Water hardness is often expressed as grains of hardness per gallon of water (gpg) or milligrams of
hardness per liter of water (mg/L). The following table, adapted from the Water Quality Association
(WQA), shows hardness classifications. Hardness ions are typically combined with sulfate, chloride,
carbonate, or bicarbonate ions. For consistency, concentrations are generally converted to the
equivalent concentration as calcium carbonate (CaCO3) and expressed in terms of hardness as
Classification of water hardness (hardness as calcium carbonate).
Household water softeners are ion exchange devices. Ion exchange involves the removal of the
hardness ions calcium and magnesium and replacing them with non-hardness ions. The non-
hardness ion is typically sodium supplied by dissolved sodium chloride salt, or brine. The softener
contains a microporous exchange resin, usually sulfonated polystyrene beads that are
supersaturated with sodium to cover the bead surfaces. As water passes through this bed, calcium
and magnesium ions attach to the resin beads and the loosely held sodium is released from the
resin into the water. The softening process is illustrated in Figure 1.
After softening a large quantity of hard water the beads become saturated with calcium and
magnesium ions. When this occurs, the exchange resin must be regenerated, or recharged. To
regenerate, the ion exchange resin is flushed with a salt brine solution (Figure 1). The sodium ions
in the salt brine solution are exchanged with the calcium and magnesium ions on the resin and
excess calcium and magnesium is flushed out with waste water.
Frequency of the regeneration or recharge cycle depends on the hardness of the water, the
amount of water used, size of the softener and capacity of the resins. 60 to 120 minutes generally
are required for the brine to pass through the unit and flush the tank before soft water is available
Through the softening process, sodium is added to water at a rate of about 8 mg/L for each grain
per gallon (gpg) of hardness. After treatment, water that was 10 gpg of hardness will have about 80
mg/L of sodium. This means that for every liter (0.26 gallon) of water intake, there would be 80 mg
of sodium intake (By contrast, 1 cup of skim milk has about 125 mg sodium.). People on restricted
sodium diets due to health reasons should account for increased intake through softened water
and consult their physician. Drinking and cooking with softened water is often avoided by using a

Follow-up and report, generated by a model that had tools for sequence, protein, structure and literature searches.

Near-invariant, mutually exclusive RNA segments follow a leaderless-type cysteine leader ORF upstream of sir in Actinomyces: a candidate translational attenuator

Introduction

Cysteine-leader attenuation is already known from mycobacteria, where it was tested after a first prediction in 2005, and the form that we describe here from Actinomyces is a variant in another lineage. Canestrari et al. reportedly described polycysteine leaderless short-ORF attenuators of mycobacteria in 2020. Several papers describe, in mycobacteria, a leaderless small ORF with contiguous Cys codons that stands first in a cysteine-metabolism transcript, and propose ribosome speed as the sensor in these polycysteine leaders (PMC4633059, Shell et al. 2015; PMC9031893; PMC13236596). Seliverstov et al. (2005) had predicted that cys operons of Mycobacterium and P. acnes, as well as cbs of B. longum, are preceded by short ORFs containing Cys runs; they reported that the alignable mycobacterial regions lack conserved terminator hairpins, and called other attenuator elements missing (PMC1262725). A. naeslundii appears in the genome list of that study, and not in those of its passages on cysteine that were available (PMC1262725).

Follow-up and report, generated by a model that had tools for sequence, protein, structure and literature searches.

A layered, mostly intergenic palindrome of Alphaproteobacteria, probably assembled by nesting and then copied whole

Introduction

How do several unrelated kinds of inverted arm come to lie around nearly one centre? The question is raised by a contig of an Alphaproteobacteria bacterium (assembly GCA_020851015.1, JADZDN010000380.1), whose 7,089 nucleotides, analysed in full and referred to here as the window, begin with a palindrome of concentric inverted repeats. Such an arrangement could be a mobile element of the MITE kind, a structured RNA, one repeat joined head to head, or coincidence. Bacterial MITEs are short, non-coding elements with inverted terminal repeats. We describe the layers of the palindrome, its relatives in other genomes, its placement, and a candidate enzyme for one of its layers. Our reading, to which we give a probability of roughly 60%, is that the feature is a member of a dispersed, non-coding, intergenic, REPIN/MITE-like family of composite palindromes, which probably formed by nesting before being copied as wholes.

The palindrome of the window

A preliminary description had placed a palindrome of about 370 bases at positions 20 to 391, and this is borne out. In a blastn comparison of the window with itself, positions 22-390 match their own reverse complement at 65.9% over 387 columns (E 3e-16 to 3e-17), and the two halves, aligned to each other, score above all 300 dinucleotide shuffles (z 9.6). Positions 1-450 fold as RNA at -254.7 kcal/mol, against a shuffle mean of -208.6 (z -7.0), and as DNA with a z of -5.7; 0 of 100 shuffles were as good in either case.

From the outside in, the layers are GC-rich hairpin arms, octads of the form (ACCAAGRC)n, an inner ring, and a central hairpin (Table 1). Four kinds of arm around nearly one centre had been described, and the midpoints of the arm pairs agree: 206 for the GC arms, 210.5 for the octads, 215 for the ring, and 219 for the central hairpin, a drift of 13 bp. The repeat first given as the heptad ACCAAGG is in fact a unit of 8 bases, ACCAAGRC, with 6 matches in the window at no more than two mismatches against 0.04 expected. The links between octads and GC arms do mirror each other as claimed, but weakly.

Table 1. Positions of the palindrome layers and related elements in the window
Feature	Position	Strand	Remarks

reverse osmosis device that provides purified water to a dedicated faucet at the kitchen sink for
drinking, cooking and other uses.
It is not recommended to repeatedly use softened water for plants, lawns or gardens due to the
Ion exchange water softeners can be classified as one of four different types:
All types of softeners must be correctly installed and monitored for proper operation. If an automatic
or DIR unit appears to be using more salt than expected or water is not softened, the unit settings
should be checked by a service provider. The amount of salt used for softening depends on the
number of people in the household, daily water usage, softener capacity, and water hardness. The
appropriate size of water softener depends on several factors including the water hardness level,
daily water use and water flow rate.
Types of Salt
There are different types of salt available for water softeners. The choice depends upon the type of
water softener and manufacturer design. Softeners are designed to use specific types of salt so it is
important to follow manufacturer's recommendations regarding the salt type.
Compressed salt has undergone an evaporation and compression process that yields small
particles referred to as pellets, nuggets, or beads. These are sized according to manufacturer's
specifications. The majority of softeners are designed for this type of salt.
Salt blocks for use in some softener brine tanks are similar to those used for livestock feeding.
Blocks for livestock feeding, however, may contain additives incompatible with water softener units.
Block salt should be used only in those units specifically designed for this form of salt. It should be
high grade evaporated salt without additives.
Rock salt may have high levels of soluble or insoluble impurities. If the impurities are calcium or